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Volkert Rejects Allegations Of Incitement

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Volkert Rejects Allegations Of Incitement
Volkert Rejects Allegations Of Incitement

Video: Volkert Rejects Allegations Of Incitement

Video: Volkert Rejects Allegations Of Incitement
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In the affair with the car manufacturer VW, ex-works council boss Klaus Volkert has to answer in court. He admitted errors at the start of the process.

The two defendants do not look at each other. The time of wild parties is long gone - the former VW works council boss Klaus Volkert and ex-HR manager Klaus-Joachim Gebauer have been in the dock in the Braunschweig regional court since Thursday. Incitement to unfaithfulness and jointly committed infidelity are the charges in the third trial of the VW scandal involving bribes and pleasure trips at company costs. After the court had replaced a lay judge employed by VW at the request of the defense attorney and Chief Public Prosecutor Ralf Tacke read out the indictment for almost two hours, both defendants described their point of view.

Have not lost humor

Between photographers and cameramen, the two defendants make their way to the Braunschweig regional court in the morning. In view of the flashing lightning storm, the 64-year-old Volkert joked: "I'm fine." He has not lost his sense of humor yet. "I hope it stays that way," he says and disappears into the courtroom. Gebauer is completely different - the 63-year-old first gives several interviews. "I used to be accused of lying," he says. But now it turned out that he was telling the truth. Gebauer had the task of organizing pleasure trips and other amusements at company costs and paying the works council's bills - there was no control.

At no point did he believe he was doing anything wrong, Gebauer protests in court and describes the system again. After that, he first paid all costs via private accounts and then got the money back with replacement receipts. There were no complaints for more than a decade. Offended, he adds: "It is bitter to be chased from the farm like a mangy dog after more than thirty years."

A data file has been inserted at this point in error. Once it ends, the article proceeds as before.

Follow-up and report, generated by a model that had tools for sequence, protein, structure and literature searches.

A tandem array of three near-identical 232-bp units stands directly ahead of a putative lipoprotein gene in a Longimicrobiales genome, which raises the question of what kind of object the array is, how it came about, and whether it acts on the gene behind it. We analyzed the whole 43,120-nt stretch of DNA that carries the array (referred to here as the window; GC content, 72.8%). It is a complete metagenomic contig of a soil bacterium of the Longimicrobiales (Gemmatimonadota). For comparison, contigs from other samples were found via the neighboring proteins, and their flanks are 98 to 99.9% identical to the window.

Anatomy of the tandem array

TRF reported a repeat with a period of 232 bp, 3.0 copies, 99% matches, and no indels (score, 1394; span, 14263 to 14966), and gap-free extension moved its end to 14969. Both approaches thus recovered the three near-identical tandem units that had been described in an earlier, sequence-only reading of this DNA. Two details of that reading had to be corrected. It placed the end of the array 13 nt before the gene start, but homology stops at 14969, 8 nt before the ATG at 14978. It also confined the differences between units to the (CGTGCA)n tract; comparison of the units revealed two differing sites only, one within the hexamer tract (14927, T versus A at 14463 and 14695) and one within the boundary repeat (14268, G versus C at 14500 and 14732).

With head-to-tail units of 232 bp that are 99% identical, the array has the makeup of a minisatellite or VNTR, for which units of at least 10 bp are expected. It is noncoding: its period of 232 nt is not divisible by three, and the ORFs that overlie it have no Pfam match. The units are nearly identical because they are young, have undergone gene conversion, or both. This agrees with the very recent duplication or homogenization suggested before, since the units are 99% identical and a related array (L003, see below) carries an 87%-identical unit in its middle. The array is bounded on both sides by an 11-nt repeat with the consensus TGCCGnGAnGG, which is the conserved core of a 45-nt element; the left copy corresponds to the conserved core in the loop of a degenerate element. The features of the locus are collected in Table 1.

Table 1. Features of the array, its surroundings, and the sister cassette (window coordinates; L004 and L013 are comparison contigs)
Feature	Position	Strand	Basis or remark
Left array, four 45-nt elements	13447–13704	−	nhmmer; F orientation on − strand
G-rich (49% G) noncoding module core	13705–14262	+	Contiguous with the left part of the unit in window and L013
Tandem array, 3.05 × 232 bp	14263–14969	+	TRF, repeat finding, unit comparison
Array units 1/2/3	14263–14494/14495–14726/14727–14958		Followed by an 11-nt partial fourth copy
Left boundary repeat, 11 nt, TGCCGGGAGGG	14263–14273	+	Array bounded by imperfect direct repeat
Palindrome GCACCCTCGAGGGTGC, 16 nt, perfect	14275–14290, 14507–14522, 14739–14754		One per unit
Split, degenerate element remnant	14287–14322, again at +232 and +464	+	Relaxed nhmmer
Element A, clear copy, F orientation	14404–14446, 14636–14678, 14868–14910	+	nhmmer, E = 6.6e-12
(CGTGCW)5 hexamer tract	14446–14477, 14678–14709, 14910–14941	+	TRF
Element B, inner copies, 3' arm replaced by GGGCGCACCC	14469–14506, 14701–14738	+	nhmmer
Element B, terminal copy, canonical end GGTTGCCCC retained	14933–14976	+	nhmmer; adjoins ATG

400,000 euros for a dummy contract

The then Brazilian lover Volkert alone received 400,000 euros for a sham contract. According to the indictment, another 300,000 euros were incurred for travel, hotels, jewelry and purchases. Volkert received almost two million euros in special payments. It was determined by the court in January in the first trial of the VW affair against the former VW labor director Peter Hartz. Hartz had confessed that he had "bought" the influential Volkert.

Gebauer and Volkert used to be close companions - today they have nothing to say to each other. "At the moment you can't speak of a relationship," says Gebauer. «C'est la vie» (That's life). When the VW scandal was exposed two and a half years ago, Gebauer had seriously accused several of his former colleagues at the public prosecutor's office after his dismissal without notice.

Volkert no longer attaches importance to a closer encounter with Gebauer: "The last time I greeted him, it wasn't good for me," he says. After meeting Gebauer, Volkert had to be in custody for a few weeks last year because of the risk of blackout.

Errors admitted


"I made big mistakes, which I regret," Volkert began his statement. But not all charges are justified in his opinion. "We brought in our experience in all areas that were important for VW's future," he says. This included the product range or location decisions, as well as political issues such as the end-of-life vehicle regulation. “This extra work was not adequately rewarded,” says Volkert. He addressed the then CEO Ferdinand Piëch, who assured him that he should be treated like a brand director and that personnel director Peter Hartz would take care of it. At first he was not at all enthusiastic about the idea of the special bonus payments because it did not affect his pension. «I gave Dr. Hartz was not encouraged to pay me special bonuses »,said Volkert.

The viewers of the trial have their own opinions. "I want to see whether it's fairer here than in the Hartz trial," says Peter Fischer, who worked for VW for 32 years. “Gebauer is a poor devil,” he says, the ex-HR manager only did what he was told. Fischer hopes that Volkert will be punished more severely than Gebauer. "One hand washed the other," says viewer Helmut Maslo (73), who worked for VW for 34 years. "But I don't think Volkert will get off as cheaply as Hartz." Volkert had "hung out with those up there". Hartz was sentenced to a suspended sentence and a fine of almost 600,000 euros in January for breach of trust and unlawful favoring of works councils.

Another viewer, also an ex-VW employee, says: "Volkert is actually good-natured and harmless." But the board had said to Volkert for years that "he was the king". Volkert then stepped into this "illusion". And Gebauer, he was known in the company as the “works council spittoon carrier”. In any case, things used to be different in the works council, said Klaus-Peter Mander. The 64-year-old was deputy general works council chairman until 1991 and, according to his own statements, was “not a friend of Volkert”. 75-year-old Walter Kargelmann was also a former member of the Volkswagen works council. "We also had trips, but they weren't pleasure trips," he recalls. (dpa)

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